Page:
Hey fourth graders! Take your family to see America's natural wonders and historic sites this year ... for FREE!
Fourth graders and their families are invited to learn about our heritage, history, and connect with nature while exploring hundreds of national parks, recreation areas, forests, monuments, and wildlife refuges from the St. Louis Arch to the Florida Keys through a free program known as Every Kid Outdoors.
The program, run by the United States National Park Service, was created by President Barack Obama in 2015 -- the 100th anniversary of the National Park Service -- and has been renewed annually every year since. This year the program changed its name from Every Kid in a Park to Every Kid Outdoors.
The bipartisan John D. Dingell, Jr. Conservation, Management and Recreation Act, signed into law in 2019, authorized continued funding for Every Kid Outdoors through 2026.
All fourth graders, including homeschool equivalents, can complete an adventure diary online to get their free entrance passes. The most current pass is valid Sept. 1, 2020, through August 31, 2021.
As a fourth-grader with a voucher or pass, the student, and anyone in the vehicle with the child, is admitted for free at sites that charge per vehicle. If visiting a site that charges per person, up to three accompanying adults will be admitted free with a fourth grader with a pass. If the fourth grader and his or her family are riding bikes, up to three accompanying adults are included too. The fourth-grader must be present to use the pass.
The Every Kid Outdoors program is designed to give all families a chance to get out and explore our amazing country. As President Theodore Roosevelt once said:
"There can be nothing in the world more beautiful than the Yosemite, the groves of the giant sequoias and redwoods, the Canyon of the Colorado, the Canyon of the Yellowstone, the Three Tetons; and our people should see to it that they are preserved for their children and their children’s children forever, with their majestic beauty all unmarred."
Timed Entry Reservations will end on October 12, 2020. No timed entry reservations will be needed/required to enter the park starting on October 13th, 2020.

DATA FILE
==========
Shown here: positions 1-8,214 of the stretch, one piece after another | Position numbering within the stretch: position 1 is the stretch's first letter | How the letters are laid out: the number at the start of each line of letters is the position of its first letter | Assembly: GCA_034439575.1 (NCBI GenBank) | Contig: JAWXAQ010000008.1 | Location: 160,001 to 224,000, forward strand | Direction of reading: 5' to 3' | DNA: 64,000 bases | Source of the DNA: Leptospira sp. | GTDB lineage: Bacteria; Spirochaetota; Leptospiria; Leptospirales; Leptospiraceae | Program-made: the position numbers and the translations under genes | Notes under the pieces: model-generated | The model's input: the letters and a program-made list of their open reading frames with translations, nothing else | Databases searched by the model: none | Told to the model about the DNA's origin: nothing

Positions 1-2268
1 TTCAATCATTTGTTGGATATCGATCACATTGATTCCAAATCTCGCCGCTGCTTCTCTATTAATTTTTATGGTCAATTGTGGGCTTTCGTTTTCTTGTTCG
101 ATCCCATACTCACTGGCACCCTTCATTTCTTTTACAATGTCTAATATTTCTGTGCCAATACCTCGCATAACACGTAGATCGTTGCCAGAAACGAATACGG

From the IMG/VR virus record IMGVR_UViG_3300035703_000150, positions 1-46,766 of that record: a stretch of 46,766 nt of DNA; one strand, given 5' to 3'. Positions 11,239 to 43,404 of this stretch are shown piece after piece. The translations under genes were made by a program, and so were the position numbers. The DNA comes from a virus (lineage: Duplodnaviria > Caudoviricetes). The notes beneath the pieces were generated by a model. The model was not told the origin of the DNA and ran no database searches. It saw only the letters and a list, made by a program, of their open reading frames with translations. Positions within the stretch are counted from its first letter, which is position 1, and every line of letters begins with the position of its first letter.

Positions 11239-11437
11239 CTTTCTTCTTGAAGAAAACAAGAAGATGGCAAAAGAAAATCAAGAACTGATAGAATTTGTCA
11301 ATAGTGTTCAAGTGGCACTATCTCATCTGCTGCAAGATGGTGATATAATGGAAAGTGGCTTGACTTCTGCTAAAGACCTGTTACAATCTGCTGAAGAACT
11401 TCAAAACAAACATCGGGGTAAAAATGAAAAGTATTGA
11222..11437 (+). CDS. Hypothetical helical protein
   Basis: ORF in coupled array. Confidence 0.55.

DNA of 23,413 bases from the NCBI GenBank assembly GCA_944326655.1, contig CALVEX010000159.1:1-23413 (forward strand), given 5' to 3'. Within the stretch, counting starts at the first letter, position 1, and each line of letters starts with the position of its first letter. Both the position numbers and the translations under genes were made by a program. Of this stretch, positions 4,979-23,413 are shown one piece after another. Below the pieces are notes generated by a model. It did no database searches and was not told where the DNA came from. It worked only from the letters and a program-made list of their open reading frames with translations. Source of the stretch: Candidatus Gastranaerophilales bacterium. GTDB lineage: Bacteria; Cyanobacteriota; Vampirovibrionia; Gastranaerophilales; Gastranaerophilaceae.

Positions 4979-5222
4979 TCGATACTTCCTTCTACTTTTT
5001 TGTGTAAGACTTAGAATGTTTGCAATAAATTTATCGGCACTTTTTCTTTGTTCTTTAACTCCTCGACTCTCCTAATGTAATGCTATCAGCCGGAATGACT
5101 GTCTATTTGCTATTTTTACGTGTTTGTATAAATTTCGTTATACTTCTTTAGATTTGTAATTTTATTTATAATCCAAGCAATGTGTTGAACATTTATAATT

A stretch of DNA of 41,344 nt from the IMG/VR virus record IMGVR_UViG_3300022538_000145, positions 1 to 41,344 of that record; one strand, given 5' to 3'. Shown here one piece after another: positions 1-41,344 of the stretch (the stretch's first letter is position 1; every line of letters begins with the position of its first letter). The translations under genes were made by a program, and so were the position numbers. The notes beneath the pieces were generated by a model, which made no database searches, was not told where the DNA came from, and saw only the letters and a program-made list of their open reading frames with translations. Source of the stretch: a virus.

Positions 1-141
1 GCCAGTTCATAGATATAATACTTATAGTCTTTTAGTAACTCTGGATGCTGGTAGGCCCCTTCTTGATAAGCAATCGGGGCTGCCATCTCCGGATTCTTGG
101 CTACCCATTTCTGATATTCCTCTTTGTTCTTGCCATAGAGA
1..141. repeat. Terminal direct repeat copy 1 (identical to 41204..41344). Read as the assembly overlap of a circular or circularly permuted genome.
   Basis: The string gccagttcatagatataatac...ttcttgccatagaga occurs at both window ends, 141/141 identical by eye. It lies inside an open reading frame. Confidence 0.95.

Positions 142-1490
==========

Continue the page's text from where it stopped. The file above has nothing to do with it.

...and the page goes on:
Rocky Mountain National Park’s 415 square miles encompass and protect spectacular mountain environments. Enjoy Trail Ridge Road – which crests at over 12,000 feet including many overlooks to experience the subalpine and alpine worlds – along with over 300 miles of hiking trails, wildflowers, wildlife, starry nights, and fun times. In a world of superlatives, Rocky is on top!
More people than ever before are coming to experience the grandeur of Rocky Mountain National Park: in 2019, the park had over 4.7 million visitors— the third most visited national park in the country. While this level of visitation means that new and larger audiences are learning about and experiencing this incredible place, it also presents challenges.
In 2020, Rocky Mountain National Park will implement a timed entry reservation system in order to reopen the park and meet the CDC, state and local guidance related to Covid-19.
Each private vehicle entering the park will need a reservation for each day the vehicle will be in the park. The person making the reservation needs to be in the vehicle at the time of entry, ID may be required at time of entry.
If you have an annual or lifetime pass at the time of your reservation, those are accepted as your entrance fee. If you buy the daily pass online, you may upgrade it to another pass at the entrance station. Valid entrance passes accepted are: Rocky Mountain National Park Annual Pass, Interagency Annual Pass, Interagency Senior Pass, Interagency Access Pass, Interagency Volunteer Pass, Interagency Military Pass, Interagency 4th Grade Pass. All of the passes mentioned will be available at the entrance station. The the $2.00 reservation fee must be paid prior to arriving at the park and you must show your reservation to enter.